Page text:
France has joined the growing list of countries with aspirations to establish population-scale genome sequencing operations. The plan is to invest approximately $745 million to build a network of sequencing and analysis centers capable of processing the equivalent of 235,000 genomes a year by 2020.
If successful, France will make genome sequencing part of routine healthcare for people with rare diseases and patients with metastatic, refractory cancers. The expectation is that as of 2020 France will sequence 20,000 rare disease patients and their parents, resulting in this aspect of the program accounting for 60,000 of the 235,000 genomes France plans to analyze each year.
The remaining 175,000 genomes are expected to be generated by the cancer aspect of the program, which is aimed at patients with metastatic and refractory tumors. French officials expect 50,000 cancer patients to pass through this program each year from 2020 onward. The projection of 175,000 genomes includes the sequencing of transcriptomes and exomes, messenger RNA molecules and the DNA that encodes for proteins, respectively. Officials reached the 175,000 figure by converting the unit volumes for exomes and transcriptomes into the equivalent number of genomes.
France has a lot of work to do and money to spend if it is to hit these targets. As it stands, the country has the capacity to sequence 20,000 exomes and 10,000 genomes a year, according to a report published by the government. To scale up output, France is planning to establish 12 sequencing sites by 2020. The goal is to select the sites by September, have three in place by the end of the year and then add three a year from 2017 to 2019. In parallel, the team will set up two centers to perform data analysis and ensure consistency across the network of sequencing sites.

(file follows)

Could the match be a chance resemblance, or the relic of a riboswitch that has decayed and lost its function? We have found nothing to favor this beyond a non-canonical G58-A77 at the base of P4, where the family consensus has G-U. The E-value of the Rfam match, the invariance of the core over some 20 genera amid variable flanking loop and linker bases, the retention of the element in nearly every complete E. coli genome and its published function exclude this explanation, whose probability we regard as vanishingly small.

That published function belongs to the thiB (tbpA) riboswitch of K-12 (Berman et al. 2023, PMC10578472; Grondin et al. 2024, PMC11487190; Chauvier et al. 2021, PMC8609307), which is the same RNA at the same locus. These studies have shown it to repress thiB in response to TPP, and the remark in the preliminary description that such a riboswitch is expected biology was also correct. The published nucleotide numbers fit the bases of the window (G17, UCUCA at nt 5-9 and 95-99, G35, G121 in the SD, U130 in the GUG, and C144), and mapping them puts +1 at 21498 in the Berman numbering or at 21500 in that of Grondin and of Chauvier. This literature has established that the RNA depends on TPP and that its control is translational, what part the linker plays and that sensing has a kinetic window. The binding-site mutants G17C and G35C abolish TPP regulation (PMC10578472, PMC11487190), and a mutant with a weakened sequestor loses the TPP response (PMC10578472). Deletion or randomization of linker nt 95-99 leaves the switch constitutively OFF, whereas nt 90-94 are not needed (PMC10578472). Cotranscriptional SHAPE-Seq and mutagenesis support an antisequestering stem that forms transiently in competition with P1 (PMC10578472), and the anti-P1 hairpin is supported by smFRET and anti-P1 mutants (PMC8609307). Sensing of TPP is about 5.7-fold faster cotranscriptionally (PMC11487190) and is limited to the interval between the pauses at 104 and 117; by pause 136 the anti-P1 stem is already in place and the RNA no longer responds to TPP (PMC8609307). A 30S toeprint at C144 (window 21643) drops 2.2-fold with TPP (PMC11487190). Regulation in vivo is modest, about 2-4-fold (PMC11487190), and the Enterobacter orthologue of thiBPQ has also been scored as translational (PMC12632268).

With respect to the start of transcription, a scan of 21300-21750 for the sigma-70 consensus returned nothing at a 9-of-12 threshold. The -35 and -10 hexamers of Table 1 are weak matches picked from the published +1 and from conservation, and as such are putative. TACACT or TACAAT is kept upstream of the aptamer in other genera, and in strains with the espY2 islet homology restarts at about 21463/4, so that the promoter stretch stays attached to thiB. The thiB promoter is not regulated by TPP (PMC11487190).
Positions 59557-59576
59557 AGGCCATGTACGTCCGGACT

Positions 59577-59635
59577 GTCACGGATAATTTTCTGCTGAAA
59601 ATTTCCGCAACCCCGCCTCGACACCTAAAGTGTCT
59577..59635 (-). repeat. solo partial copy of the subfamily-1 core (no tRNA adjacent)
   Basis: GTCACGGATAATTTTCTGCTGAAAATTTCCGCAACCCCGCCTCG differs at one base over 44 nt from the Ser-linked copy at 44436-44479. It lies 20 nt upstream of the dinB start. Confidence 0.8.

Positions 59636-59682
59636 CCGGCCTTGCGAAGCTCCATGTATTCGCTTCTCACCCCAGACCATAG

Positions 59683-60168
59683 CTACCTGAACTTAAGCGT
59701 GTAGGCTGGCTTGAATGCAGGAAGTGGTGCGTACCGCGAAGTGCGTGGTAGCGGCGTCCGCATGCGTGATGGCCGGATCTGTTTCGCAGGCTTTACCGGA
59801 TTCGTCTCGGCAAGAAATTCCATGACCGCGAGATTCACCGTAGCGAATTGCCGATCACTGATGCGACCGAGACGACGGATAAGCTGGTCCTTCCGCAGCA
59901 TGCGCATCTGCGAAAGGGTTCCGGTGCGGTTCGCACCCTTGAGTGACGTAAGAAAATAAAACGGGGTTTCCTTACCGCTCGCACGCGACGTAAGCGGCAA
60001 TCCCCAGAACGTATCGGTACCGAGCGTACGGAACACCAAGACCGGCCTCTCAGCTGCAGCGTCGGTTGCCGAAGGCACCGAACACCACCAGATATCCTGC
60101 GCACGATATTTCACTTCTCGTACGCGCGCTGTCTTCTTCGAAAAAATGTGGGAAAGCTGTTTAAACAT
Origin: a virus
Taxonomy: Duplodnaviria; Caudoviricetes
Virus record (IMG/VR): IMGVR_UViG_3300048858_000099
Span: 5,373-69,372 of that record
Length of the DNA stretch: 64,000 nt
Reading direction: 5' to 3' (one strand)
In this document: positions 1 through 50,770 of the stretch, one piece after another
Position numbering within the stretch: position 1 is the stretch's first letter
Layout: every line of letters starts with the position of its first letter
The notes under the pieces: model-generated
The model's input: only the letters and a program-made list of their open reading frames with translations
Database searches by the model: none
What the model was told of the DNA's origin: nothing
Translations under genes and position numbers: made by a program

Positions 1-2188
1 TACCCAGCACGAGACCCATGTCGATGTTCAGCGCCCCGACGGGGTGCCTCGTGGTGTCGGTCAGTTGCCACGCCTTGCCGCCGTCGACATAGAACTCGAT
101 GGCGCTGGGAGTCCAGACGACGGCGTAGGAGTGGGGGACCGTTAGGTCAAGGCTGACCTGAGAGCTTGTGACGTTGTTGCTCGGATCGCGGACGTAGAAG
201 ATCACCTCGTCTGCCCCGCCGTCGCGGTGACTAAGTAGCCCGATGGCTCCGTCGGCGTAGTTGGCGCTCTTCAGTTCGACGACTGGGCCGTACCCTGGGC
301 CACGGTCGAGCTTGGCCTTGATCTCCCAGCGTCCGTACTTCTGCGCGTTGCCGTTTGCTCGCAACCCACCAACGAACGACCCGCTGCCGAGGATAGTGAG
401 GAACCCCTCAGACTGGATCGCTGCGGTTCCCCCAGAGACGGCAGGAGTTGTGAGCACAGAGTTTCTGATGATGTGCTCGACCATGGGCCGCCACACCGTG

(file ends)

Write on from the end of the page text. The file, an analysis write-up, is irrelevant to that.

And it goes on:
These activities represent another opportunity for genome sequencing and analysis businesses. The report setting out the strategy refers repeatedly to the model established by Genomics England for the 100,000 Genomes Project. Genomics England has relied on Illumina ($ILMN) for sequencing capacity and worked with multiple companies on the data management and analysis aspects of its program. The French report lists contacting Genomics England to discuss its approach to industrial relationships as a near-term priority.